I am an avid reader. Having worked professionally in the world of books and reading and words, I feel confident saying: Everyone, with the right book in their hands, can be a “reader” too.
In many instances if people don’t discover a love of reading early on, they’re resistant to finding that love. The good news is, there is a wealth of literature in the world and it only takes one really good book to make a reader out of you. Verse novels in particular are an excellent choice if you’re right now thinking, “but I’m not a reader.”
Verse novels encompass all the values of traditional novels while remaining succinct and in a format that is pleasing for a novice reader — they’re basically novel-length poems. Verse novels, IMHO, open the door for new readers. They are often easy reads, highly enjoyable, and the opposite of intimidating. In an effort to encourage reading, I want to share some of my favorite verse novels (which will hopefully become favorites of yours, too).
1. One by Sarah Crossan
Why you’ll love it: Grace and Tippi have been joined for 16 years. They have two legs, share everything in the hip region, and then break apart again with two torsos, four arms, and two heads. Their entire lives have revolved around this one question: are they one person, or are they two?
Crossan writes a beautiful story about what it means to be a twin (conjoined, at that), while simultaneously being an individual.
Most powerful quote: “Here / We Are. / And we are living. / Isn’t that amazing? / How we manage / to be / at all.”
2. Identical by Ellen Hopkins
Why you’ll love it: Identical is about twins Kaeleigh and Raeanne. Kaeleigh is the victim of her father’s misplaced affections, and Raeanne is the victim of herself, having chosen drugs, alcohol, and sex as pain killers.
Although their circumstances are extreme, Kaeleigh and Raeanne’s feelings are ones I believe most teenagers can identify with: they just want to be loved the right way; to be seen as important, individually.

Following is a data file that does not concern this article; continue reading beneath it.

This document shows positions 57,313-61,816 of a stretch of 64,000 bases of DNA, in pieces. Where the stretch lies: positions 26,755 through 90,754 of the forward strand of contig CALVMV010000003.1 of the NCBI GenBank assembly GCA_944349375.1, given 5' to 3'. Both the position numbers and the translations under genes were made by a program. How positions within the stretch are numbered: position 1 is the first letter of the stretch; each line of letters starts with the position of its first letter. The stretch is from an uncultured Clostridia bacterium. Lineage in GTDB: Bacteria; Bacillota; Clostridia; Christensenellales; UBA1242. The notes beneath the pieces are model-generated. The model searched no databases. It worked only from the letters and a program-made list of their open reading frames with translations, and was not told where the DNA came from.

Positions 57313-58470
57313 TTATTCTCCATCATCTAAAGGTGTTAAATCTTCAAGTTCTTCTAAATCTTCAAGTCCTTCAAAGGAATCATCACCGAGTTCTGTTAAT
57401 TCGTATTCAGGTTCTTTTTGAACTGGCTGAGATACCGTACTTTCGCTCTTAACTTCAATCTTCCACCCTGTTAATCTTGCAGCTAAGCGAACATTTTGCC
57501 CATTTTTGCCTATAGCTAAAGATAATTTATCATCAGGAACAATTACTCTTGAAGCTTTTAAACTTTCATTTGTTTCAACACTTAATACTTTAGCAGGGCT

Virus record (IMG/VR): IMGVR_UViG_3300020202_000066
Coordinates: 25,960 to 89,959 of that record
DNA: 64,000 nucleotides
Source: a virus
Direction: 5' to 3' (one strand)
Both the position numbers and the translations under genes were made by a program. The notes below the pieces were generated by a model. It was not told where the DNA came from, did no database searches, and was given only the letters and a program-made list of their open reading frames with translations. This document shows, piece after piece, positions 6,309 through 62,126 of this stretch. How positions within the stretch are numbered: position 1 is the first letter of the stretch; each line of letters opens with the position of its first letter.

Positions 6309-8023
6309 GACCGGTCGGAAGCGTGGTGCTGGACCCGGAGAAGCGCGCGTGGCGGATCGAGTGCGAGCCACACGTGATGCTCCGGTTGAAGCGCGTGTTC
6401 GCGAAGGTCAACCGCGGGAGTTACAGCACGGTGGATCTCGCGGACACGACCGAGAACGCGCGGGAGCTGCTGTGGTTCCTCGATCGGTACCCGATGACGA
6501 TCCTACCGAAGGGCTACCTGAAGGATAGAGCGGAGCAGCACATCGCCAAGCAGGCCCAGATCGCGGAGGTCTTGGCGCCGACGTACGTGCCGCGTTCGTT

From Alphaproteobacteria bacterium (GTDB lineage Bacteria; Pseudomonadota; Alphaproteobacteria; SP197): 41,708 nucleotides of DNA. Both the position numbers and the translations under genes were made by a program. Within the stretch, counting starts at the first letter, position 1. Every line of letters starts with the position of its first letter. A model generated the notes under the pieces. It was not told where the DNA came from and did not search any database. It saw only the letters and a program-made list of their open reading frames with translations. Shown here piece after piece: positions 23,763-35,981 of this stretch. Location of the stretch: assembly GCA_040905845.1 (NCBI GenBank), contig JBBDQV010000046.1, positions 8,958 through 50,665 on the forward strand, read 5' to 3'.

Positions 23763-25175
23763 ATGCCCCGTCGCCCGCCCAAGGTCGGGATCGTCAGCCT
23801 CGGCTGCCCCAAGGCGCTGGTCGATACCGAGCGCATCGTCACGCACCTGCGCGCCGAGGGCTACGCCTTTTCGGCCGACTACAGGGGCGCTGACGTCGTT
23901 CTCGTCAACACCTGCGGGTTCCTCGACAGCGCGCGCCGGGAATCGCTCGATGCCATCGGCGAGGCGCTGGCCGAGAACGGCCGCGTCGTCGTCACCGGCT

Most powerful quote: “The stars shine, as / they always do. Same / stars. / Same sky. Only I am / different.”
3. Audacity by Melanie Crowder
Why you’ll love it: Audacity is inspired by the real-life story of Clara Lemlich, a young woman who emigrated from Russia to New York at the turn of the 20th century, and fought valiantly for equal human rights. Crowder’s verse is filled with punching one-liners that are sure to make readers think about how they treat others, and for what reasons. Verse is strikingly effective in this novel, as it accentuates individual words, encouraging readers to really digest what is being said.
Most powerful quote: “… The poem is / safe / in my mind / where fists / and fury / cannot shake it free.”
4. Brown Girl Dreaming by Jacqueline Woodson
Why you’ll love it: A first-person account of racism in America in the ‘60s, told in free-verse. Woodson so precisely uses the verse style of writing to examine racism: the pointed phrases are singled out, meticulously used to identify wrongs.
The best part: Brown Girl Dreaming is about Woodson’s own childhood. The authenticity is palpable.
Most powerful quote: “… the people / who look like me / keep fighting / and marching / and getting killed / so that today— / February 12, 1963 / and every day from this moment on, / brown children like me can grow up / free.”
5. Fault by Amy Ellis
Why you’ll love it: Ellis tells a poignant story about Liz, a young girl who is drugged and raped at a party. Ellis examines how easy it is for a girl like Liz to be alone in sexual assault. She tells, and no one — not even her best friend — believes her. So…why tell?
Most powerful quote: “Great, I said, trying to hide the ripped underwear / balled up in my hand, the raging hangover, / the urge to vomit on the front porch, / the pain between my legs. It was great.”